A recent study shows the role of inulin in regulating blood sugar levels, supporting healthy hunger signaling and playing a role in carbohydrate metabolism. This may be an important aid in lowering the risk of diabetes.

The ability of inulin to regulate insulin levels has also been claimed, but requires further research.

→ Assisting in weight loss

As already indicated, inulin may decrease hunger signaling. This is due to its effect on hormones such as ghrelin. It may also help regulate blood glucose levels and carbohydrate metabolism, possibly providing benefits to those trying to lose weight.

→ Decreasing the risk of osteoporosis

An interesting side benefit of inulin is that it can help to increase mineral absorption. By increasing the absorption of calcium and other bone-strengthening minerals, it may reduce the risk of osteoporosis

We should note that this ability of inulin to increase mineral absorption is a rather unique benefit for a fiber supplement. Most authorities warn against excess fiber supplementation due to the fact that some fibers bind to minerals and reduce their absorption. 

This is an important reason inulin is included in Athletic Greens – in addition to all the other stated benefits, of course.

Finally, it’s worth noting here that the benefits of inulin may extend even further. There are some suggestions that inulin reduces the risk of colon and breast cancer, and that it helps support the immune system. However, these claims require further scientific research.

What Is Inulin’s Recommended Dose?

The recommended starting dose for inulin is between 2-3 grams per day for one to two weeks. After that, the dose can be gradually increased.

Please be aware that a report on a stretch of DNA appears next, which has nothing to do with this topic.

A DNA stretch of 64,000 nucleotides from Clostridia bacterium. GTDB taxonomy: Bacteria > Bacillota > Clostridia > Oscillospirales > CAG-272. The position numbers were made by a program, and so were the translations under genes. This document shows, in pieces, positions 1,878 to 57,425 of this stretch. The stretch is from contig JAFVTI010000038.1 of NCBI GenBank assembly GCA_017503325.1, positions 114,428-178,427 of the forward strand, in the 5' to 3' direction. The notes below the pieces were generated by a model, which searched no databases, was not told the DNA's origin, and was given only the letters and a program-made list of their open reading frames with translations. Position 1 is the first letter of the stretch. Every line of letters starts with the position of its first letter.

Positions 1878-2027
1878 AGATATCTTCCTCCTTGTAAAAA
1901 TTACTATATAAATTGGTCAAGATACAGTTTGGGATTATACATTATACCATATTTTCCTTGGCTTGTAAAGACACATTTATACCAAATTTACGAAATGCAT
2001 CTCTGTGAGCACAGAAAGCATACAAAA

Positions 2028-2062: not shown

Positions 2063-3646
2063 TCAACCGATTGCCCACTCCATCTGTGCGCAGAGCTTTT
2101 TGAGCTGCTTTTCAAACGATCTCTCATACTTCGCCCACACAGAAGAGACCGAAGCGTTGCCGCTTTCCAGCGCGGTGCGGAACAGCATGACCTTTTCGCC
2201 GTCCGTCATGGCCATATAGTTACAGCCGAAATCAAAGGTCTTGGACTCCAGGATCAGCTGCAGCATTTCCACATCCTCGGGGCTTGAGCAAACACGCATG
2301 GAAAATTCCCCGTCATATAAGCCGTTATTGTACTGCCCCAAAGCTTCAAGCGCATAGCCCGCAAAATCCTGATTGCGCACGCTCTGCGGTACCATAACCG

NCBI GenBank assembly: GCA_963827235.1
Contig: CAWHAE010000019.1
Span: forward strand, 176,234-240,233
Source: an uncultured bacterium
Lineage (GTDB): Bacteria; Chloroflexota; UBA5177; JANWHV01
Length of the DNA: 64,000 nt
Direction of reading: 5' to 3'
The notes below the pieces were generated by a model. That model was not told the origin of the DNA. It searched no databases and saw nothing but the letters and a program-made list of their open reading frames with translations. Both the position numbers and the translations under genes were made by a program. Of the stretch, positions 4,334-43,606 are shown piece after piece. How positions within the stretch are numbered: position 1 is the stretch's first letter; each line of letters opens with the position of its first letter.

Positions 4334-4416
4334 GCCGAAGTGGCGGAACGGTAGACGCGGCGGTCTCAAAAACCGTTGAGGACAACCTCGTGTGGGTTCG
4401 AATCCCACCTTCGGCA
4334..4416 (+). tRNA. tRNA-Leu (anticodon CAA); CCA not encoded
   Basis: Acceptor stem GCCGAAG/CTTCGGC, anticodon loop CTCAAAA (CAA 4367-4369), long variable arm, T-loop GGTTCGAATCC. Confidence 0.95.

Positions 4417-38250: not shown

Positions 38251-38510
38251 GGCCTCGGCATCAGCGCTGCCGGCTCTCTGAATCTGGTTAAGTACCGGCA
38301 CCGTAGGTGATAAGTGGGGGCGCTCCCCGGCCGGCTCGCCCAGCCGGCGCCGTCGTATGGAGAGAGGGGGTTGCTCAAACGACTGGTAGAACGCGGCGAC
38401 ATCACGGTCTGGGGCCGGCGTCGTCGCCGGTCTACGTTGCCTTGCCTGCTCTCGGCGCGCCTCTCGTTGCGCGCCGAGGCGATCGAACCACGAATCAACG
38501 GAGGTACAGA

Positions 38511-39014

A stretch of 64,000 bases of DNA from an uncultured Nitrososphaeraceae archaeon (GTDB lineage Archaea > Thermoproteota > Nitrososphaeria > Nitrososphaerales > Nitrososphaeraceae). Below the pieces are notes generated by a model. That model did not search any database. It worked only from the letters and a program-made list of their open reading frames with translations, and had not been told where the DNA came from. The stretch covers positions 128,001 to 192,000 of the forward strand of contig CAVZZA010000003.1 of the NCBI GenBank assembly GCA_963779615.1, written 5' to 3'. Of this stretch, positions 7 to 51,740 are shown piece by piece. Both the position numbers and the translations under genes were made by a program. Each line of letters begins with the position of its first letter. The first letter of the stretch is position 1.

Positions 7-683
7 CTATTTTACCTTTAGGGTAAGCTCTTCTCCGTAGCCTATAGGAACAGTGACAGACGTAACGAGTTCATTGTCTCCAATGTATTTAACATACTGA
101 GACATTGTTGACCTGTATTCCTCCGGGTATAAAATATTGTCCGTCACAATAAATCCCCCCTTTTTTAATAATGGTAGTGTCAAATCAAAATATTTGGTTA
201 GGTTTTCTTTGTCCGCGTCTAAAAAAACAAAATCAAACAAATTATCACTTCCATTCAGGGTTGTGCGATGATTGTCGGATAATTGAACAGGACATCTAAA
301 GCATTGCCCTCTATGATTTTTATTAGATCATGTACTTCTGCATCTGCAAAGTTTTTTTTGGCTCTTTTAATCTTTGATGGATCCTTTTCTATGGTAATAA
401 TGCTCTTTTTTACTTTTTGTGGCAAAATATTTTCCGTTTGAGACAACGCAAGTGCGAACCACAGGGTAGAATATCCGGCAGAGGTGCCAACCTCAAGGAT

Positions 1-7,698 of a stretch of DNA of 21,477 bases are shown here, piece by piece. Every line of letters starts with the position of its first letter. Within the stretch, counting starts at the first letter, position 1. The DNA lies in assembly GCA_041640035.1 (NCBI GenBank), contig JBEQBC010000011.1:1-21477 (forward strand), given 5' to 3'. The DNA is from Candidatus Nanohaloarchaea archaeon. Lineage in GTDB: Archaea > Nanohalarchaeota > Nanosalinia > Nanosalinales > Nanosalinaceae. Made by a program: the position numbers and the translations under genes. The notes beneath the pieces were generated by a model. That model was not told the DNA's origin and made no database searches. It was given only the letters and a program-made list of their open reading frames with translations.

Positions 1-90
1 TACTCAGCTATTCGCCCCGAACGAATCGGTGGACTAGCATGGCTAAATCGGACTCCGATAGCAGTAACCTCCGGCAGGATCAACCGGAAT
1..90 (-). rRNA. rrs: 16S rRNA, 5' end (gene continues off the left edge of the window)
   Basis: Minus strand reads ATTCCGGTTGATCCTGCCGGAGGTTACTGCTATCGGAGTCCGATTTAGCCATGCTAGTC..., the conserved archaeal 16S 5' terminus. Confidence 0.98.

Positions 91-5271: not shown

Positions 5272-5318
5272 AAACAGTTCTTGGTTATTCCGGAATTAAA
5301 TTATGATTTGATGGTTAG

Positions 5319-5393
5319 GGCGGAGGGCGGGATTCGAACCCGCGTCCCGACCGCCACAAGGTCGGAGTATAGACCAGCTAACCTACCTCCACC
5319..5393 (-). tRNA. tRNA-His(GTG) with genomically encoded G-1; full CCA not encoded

Insulin supplements should be avoided by those who are intolerant to FODMAPs (Fermentable Oligosaccharides, Disaccharides, Monosaccharides, and Polyols).

FODMAPs are short-chain carbohydrates that can prove difficult for some people to digest. Inulin, which is classed as a fructan, may cause gastrointestinal pain, gas, bloating and diarrhea in susceptible individuals.

Who Should Supplement With Inulin?

The properties of inulin and its benefits for the health of the human gut and the digestive system are well-documented.

Many studies agree that inulin promotes the growth of healthy populations of bifidobacteria in the human gut. These unleash an array of benefits to health that extend beyond the digestive system to other areas, such as cardiovascular benefits, weight loss, diabetes prevention, metabolic support, and more.

Those who are not getting enough high quality fiber through dietary sources will find that the inulin content in Athletic Greens is a safe and effective way to supplement. This includes almost everyone (since most people do not eat enough fiber), except those who are intolerant to FODMAPs.

Note that inulin is a superior form of fiber to psyllium husk, which is used in many popular brands of fiber supplement. This is a very coarse, thirsty fibre which can often lead to dehydration, bloating and in some extreme cases, blockages in the digestive system that have to be surgically removed.

Within Athletic Greens, inulin works well alongside the probiotics lactobacillus and bifidobacterium, as it provides the ‘food’ by which these beneficial bacteria can multiply.

Note that you will need to give this supplement time to start working – the beneficial changes will not happen overnight. The longer you stick with it, the more benefits you’ll experience!

What Is Inulin And Why Do You Need It?
What Is Inulin And Why Do You Need It?

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Dont forget to grab your quick PDF for buying the best supplements on the market

With so many supplements out there, it’s hard to know what’s good, bad, real or fake. This quick guide can help you identify the best supplements for you, whenever you go shopping!